Although I know many of my readers may be adverse to reading NYT, but they have a good roundup, in the form of a slideshow of the devastation and aftermath of the Ya’an earthquake.
As I know US news is overshadowed with other reports more close to home, let me give you the deets.
Depending on whom you ask, the earthquake ranges from a 6.6. to 7.0 magnitude earthquake. The quake struck April 20th, 8:02a.m. local time. Regardless of which number you decide to consider, at least 160 people are dead, and 5,000 and counting are injured.
Additionally, It was along that same faultline that a devastating magnitude 7.9 quake struck on May 12, 2008, leaving more than 90,000 dead or missing. Unlike in the 2008 Wenchuan earthquake, school was not in session as it was a Saturday. 2008’s devastation left many university, kindergarten and other secondary school children dead or severely injured, or worse, missing.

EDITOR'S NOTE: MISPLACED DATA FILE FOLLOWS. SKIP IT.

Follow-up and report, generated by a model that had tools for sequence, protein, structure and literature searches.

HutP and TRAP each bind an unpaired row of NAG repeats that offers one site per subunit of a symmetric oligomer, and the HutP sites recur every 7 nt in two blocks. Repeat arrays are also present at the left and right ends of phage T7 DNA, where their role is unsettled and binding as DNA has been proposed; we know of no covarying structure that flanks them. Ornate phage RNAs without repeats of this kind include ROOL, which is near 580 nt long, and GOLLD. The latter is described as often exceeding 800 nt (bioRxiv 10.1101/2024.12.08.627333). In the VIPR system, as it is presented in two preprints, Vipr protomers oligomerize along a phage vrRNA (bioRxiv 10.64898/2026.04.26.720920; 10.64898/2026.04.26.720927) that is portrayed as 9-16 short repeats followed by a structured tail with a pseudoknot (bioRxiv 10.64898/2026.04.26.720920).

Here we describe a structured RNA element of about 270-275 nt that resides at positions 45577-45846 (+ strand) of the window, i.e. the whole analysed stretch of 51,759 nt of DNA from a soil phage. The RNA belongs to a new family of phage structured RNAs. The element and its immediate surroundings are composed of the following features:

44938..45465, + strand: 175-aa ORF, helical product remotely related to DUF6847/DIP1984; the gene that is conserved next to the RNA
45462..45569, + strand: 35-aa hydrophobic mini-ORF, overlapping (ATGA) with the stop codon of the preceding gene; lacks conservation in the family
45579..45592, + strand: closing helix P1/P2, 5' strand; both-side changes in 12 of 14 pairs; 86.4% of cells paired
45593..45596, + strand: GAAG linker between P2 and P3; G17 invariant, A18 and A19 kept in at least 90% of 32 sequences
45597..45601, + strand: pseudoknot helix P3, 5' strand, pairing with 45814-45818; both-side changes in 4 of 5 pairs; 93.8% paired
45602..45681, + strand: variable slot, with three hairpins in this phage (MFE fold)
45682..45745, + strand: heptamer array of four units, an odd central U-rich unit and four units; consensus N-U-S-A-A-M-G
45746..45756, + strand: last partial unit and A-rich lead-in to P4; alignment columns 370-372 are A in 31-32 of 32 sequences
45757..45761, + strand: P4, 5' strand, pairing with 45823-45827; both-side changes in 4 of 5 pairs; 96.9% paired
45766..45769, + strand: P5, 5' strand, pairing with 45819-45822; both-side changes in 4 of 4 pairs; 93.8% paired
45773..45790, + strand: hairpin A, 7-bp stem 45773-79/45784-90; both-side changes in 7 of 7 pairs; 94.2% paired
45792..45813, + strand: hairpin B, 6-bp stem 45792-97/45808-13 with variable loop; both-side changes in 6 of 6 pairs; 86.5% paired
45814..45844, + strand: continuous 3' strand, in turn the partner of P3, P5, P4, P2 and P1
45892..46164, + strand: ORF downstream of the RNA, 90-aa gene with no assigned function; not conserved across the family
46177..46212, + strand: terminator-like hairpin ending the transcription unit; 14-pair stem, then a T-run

Last item worth mentioning is it seems that the government is acting far more quickly. Over 10,000 soldiers and armed police personnel have been deployed to the area. Premier Li Keqiang is on his way to survey the damage (although how much help he can offer is anyone’s guess).
Chinese netizens, particularly on Weibo, a.k.a Chinese Twitter, are calling for donations and helping with human flesh searching (a Chinese Internet buzz word). Although the Chinese blogosphere is abuzz with up-to-date information, the actual rescue efforts are being hindered by landslides.
Please keep these people in your thoughts! China’s infrastructure, a government oversight, particularly in rural areas is the biggest contributing factor to the extensive loss of life and injuries that ensue. These are ordinary citizens for whom the devastation and aftermath will be transplanted in their minds for years to come.